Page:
AB: I think while we’ve talked a lot about these fuzzy aspects of Daddy and showcasing the queer community, but we are also saying we want a sexy, safe party. Queer sexualities are always going to be seen as more pornographic, more deviant and explicit than heterosexualities. I think that being visible is a big part in taking that back. 

 

BC: I think also just having this be a big party that is all queer — you get to dress the way you wanna dress, present the way you want to present and not have to be so worried about that — is important. Getting to feel yourself in that way is one of the most political things we can be doing right now. Also, taking a conscientious role in understanding who the performers are, what they stand for, and why they are performing is another crucial component in putting together the programming. 

 

AB: With the political climate the way it is, if we don’t have these moments of recharging ourselves in feel-good ways or expressing ourselves and being around others who are doing the same, then there’s a chance of getting really burnt out. So, maybe Daddy is a little bit of both — political statement and party. You can see these amazing performers and support them but you can also ideally leave feeling better than when you walked in through seeing a new performer, connecting, recharging.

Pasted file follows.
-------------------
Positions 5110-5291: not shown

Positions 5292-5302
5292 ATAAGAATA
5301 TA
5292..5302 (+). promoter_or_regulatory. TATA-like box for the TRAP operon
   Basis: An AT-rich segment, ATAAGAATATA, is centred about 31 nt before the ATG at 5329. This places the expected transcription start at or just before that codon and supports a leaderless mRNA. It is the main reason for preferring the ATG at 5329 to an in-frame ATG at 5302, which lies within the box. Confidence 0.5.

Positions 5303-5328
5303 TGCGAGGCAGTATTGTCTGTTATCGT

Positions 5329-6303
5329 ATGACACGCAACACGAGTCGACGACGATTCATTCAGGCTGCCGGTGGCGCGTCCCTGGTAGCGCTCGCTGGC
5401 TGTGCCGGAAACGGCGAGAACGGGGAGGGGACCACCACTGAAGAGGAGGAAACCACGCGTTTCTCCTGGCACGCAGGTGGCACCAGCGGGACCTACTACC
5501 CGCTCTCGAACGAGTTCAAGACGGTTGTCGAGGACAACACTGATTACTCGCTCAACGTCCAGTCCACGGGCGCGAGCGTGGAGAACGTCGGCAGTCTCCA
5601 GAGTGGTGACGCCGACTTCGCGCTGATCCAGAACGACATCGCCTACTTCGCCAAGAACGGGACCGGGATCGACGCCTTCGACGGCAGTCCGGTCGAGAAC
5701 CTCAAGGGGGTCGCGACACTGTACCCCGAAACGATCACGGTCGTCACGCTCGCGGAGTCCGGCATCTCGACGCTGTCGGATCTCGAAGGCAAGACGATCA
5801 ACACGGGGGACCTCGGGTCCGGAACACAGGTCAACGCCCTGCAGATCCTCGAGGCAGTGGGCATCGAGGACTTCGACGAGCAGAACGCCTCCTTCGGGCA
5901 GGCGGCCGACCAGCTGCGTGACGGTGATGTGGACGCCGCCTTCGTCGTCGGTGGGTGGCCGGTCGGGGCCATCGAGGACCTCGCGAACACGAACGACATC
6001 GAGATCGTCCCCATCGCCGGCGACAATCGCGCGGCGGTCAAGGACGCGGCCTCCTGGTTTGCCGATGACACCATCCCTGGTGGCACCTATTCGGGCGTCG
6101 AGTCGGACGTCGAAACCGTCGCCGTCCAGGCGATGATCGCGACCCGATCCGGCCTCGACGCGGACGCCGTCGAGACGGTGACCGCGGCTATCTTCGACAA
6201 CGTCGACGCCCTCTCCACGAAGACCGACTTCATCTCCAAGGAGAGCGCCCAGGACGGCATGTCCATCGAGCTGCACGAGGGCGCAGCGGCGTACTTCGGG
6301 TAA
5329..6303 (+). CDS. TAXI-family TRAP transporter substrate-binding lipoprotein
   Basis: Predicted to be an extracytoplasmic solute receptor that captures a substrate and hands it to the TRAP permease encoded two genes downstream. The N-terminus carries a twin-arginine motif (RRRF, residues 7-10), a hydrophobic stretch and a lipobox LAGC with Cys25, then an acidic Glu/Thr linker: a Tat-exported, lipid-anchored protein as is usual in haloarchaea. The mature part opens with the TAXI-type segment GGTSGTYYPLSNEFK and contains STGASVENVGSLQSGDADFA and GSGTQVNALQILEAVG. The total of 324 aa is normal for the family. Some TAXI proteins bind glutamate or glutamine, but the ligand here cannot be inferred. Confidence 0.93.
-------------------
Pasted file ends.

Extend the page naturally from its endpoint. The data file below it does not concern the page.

JE: It seems like involvement in queer events and the community is a priority and that your hope is through more events like this, others can find comfort and confidence in their own identity and expression. What does this event mean to you both on a personal level?

 

BC: For a long time, I was “out” but I had this weird falsehood where I didn’t want this to be my identity, but I’m like, this is my identity actually. I’ve experienced so many amazing events in Minneapolis, and it’s why I wanted to do this. 

 

AB: It’s different than going to a bar or night and taking it over; we’re making it for ourselves instead of just existing in the cis-gendered, straight world. We’re forming our own instead of conforming. Queer and bar events have such a cool history; I love being a part of it. 

 

 

Daddy: a QUEER variety show and dance night is Thursday, June 29th at Icehouse MPLS, 2528 Nicolett Ave. The debut lineup features MC Liv Hnilicka; performances by Marcel Michelle Obama, Catherine Charles, and Jenna Cis; a leather fashion show by bb phat apparel; plus DJ sets from YONI and Apollolypstic. For more information and tickets, visit the FB invite HERE

 

Banner image: YONI